Read More: BBC News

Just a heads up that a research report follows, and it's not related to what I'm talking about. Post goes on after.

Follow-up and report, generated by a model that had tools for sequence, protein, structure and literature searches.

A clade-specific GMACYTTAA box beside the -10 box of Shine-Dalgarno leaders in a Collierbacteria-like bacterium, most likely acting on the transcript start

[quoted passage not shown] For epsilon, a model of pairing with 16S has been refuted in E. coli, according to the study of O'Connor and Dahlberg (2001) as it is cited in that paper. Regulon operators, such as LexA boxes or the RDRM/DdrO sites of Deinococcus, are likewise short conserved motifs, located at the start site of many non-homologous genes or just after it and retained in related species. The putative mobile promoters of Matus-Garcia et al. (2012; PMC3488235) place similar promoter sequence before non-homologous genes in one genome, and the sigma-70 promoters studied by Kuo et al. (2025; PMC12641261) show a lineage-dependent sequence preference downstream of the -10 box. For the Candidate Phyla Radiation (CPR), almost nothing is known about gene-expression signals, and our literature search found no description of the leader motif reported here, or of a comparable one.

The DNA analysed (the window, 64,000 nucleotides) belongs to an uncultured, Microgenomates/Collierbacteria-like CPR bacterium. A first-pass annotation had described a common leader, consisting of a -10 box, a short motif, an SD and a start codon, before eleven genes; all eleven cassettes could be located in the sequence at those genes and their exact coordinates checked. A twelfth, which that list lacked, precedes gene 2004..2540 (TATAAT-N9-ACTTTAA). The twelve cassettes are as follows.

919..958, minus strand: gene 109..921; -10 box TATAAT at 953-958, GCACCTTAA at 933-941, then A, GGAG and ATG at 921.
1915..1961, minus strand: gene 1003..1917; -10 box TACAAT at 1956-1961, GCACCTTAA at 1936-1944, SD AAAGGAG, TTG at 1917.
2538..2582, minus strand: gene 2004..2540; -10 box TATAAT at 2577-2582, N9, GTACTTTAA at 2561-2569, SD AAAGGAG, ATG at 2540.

Puppies reacted positively and wanted to play when researchers in France played them a tape of phrases like, "Who's a good boy?'' However, the international team of researchers found that adult dogs ignored this kind of speech. When we talk to dogs, we often speak slowly in a high-pitched voice, similar to the way we talk to young babies. The researchers think this way of talking may be our natural way of trying to interact with non-speaking listeners. Prof Nicolas Mathevon of the University of Lyon/Saint-Etienne in France said pet-directed speech is similar to the way we talk to young infants, which is known to engage their attention and promote language learning. "We found that puppies are highly reactive to dog-directed speech, in the absence of any other cues, like visual cues," Prof Mathevon told BBC News. "Conversely we found that with adult dogs, they do not react differentially between dog-directed speech and normal speech." The scientists recorded people saying the sentence: "Hi! Hello cutie! Who's a good boy? Come here! Good boy! Yes! Come here sweetie pie! What a Good boy!" as if they were speaking to a pet. This was played back through a loudspeaker to dogs of all ages and compared with normal speech. The researchers also found that human speakers use dog-directed speech with dogs of all ages even though it is only useful in puppies.